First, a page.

Feedburner Broken API

For a few weeks Feedburner’s API has been broke. If I try to pull the statistics of the title and URL of my posts it comes back “NO TITLE.” The statistics package I use, mint, has a Feedburner pepper and it has been showing NO TITLE for quite a while. Apparently this has been reported but has yet to be fixed. Come on Google, fix your stuff. If you’re going to provide an API, make sure it works. I want to see which posts people are viewing and clicking in my feeds. NO TITLE doesn’t help me very much.

Moving to the Desktop

There is something I don’t quite understand. Maybe someone can explain it to me. A few months ago Google gave IMAP support to Gmail. Everyone was happy to have this sought-after feature enabled finally. In my opinion, it was a few years too late. I never use desktop mail clients anymore (except when I was working for a technology company and we used Exchange). For something like Gmail, I just don’t see the point. The only thing I use a desktop email client for (and I use Thunderbird for this) is to back up my Gmail accounts. I don’t send mail from Thunderbird and I don’t read mail in Thunderbird. Maybe I would use a desktop email client if I used a different email service. I like Gmail’s interface too much to do that though.

Recently, Newsgator released their popular NetNewsWire and FeedBurner desktop RSS clients for free. You no longer have to pay for them. Again, I don’t understand why people would want to use a desktop RSS client. Sure, it can synchronize all your feeds so even if you aren’t at home it won’t give you the same feed as unread over and over. But you know what else does that? Web-based feed readers, such as Google Reader. Why download something to read when you could just as easily open up your browser to read it? Chances are, you’re already going to be on the net anyway.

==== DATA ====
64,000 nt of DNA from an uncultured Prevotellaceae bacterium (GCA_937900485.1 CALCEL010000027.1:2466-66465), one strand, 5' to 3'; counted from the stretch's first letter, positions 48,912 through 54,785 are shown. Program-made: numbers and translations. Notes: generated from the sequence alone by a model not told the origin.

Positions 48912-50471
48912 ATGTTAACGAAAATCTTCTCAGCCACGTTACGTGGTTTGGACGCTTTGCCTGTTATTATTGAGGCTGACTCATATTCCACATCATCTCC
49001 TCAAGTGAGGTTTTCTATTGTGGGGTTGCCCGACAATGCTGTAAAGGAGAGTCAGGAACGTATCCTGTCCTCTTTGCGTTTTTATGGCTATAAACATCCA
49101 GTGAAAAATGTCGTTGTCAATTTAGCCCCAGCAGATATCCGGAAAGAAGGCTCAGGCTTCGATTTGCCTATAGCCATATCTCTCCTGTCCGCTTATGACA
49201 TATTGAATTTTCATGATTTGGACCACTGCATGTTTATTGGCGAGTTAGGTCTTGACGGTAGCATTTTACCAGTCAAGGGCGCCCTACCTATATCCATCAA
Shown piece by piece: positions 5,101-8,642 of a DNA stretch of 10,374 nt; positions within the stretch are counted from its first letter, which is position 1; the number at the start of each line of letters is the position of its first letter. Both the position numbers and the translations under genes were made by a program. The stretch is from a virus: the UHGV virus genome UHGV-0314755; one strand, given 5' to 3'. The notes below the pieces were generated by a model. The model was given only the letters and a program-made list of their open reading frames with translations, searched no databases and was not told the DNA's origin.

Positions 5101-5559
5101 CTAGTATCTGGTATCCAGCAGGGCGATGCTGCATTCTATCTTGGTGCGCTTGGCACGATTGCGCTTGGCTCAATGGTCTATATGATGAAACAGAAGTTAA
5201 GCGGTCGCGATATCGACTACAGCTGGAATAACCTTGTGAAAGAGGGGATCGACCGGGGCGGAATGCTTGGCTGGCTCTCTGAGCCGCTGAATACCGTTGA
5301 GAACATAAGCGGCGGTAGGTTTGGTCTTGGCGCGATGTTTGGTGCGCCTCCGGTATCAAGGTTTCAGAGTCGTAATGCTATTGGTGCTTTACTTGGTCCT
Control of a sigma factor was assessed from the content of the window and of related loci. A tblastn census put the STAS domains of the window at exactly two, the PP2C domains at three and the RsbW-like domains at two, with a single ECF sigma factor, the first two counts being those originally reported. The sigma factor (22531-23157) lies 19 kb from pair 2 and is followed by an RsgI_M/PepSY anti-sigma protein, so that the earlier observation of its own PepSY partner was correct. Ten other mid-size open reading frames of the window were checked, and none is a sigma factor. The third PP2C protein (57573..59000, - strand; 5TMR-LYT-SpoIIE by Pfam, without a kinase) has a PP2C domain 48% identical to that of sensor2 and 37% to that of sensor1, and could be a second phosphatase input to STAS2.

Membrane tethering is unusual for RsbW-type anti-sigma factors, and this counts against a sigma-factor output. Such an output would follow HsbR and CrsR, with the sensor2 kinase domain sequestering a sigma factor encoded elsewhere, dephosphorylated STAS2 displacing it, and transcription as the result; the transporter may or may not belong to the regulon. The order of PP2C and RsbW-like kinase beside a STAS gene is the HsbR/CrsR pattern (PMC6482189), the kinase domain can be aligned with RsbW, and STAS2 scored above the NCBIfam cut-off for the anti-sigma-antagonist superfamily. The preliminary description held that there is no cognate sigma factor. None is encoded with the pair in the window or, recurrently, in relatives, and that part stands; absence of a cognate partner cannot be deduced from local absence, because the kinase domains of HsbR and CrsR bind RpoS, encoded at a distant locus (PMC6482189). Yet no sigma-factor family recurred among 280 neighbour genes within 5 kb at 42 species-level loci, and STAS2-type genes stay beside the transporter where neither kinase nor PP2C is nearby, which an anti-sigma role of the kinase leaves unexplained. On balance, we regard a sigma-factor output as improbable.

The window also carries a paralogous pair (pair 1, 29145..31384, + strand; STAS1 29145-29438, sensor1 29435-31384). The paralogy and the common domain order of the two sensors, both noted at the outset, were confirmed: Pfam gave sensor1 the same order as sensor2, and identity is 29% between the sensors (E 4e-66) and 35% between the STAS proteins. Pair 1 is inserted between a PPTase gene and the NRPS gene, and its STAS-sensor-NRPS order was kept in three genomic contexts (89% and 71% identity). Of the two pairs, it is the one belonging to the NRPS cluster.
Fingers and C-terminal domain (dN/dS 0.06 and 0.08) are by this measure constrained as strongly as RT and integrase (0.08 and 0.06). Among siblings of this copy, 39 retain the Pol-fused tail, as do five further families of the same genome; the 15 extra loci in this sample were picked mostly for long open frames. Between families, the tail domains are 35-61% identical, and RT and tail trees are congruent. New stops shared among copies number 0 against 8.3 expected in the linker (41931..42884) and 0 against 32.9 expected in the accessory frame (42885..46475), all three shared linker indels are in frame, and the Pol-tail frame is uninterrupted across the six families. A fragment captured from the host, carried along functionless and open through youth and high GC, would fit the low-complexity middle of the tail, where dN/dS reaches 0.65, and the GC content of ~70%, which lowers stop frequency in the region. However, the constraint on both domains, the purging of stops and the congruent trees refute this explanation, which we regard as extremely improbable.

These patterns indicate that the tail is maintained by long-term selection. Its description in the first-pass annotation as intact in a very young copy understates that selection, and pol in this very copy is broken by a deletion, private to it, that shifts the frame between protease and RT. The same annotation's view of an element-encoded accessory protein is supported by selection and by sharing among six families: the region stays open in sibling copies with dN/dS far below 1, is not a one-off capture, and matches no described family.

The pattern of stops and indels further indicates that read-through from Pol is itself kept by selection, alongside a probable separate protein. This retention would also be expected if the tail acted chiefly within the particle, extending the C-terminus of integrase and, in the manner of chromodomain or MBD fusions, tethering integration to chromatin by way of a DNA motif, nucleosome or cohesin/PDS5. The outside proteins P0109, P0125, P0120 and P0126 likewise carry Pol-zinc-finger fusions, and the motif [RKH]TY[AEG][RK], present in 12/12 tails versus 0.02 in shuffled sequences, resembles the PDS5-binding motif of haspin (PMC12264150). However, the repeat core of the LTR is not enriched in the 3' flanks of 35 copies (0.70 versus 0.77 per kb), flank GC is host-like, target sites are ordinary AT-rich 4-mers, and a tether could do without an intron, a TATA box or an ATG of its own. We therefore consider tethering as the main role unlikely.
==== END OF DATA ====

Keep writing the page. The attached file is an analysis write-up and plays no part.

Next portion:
Another thing I never understood was using things like Microsoft Live Writer and other such desktop blog publishing software. Why work with desktop software to publish to your blog? I know a few people who do that, but for me, writing in the administration of my blog software is perfectly fine. I don’t need to write my post in a piece of software that wasn’t even specifically designed for the blog engine I use.

Gmail and IMAP

Ever since I got my first Gmail account a couple years ago, I wished it had IMAP support. As many probably know, Gmail has recently enabled IMAP on accounts. My account still doesn’t have it enabled, but my Gmail for domains does. I was excited at this news, but then I started thinking about it. What do I really need it for? This isn’t a few years ago when desktop email was more popular. With everything going web-based, this is a step in the opposite direction. Sure, I can use it so I have a backup of all my mail, but I could do that with POP access as well, which is what I’ve been doing for backups the past year. I don’t have an iPhone or another phone that does IMAP, so I don’t need it for that. Truthfully, I don’t have any reason for IMAP. So, here is my request Google. Change the interface of Gmail. Make it look more like the redesigned Google Docs and Spreadsheets or something. You’ve had the same interface (for the most part) since you began. A new design would be a welcome change. (Just don’t do reading panes. I hate those and hate how Hotmail and Yahoo both now feature them so they can be more like Outlook.)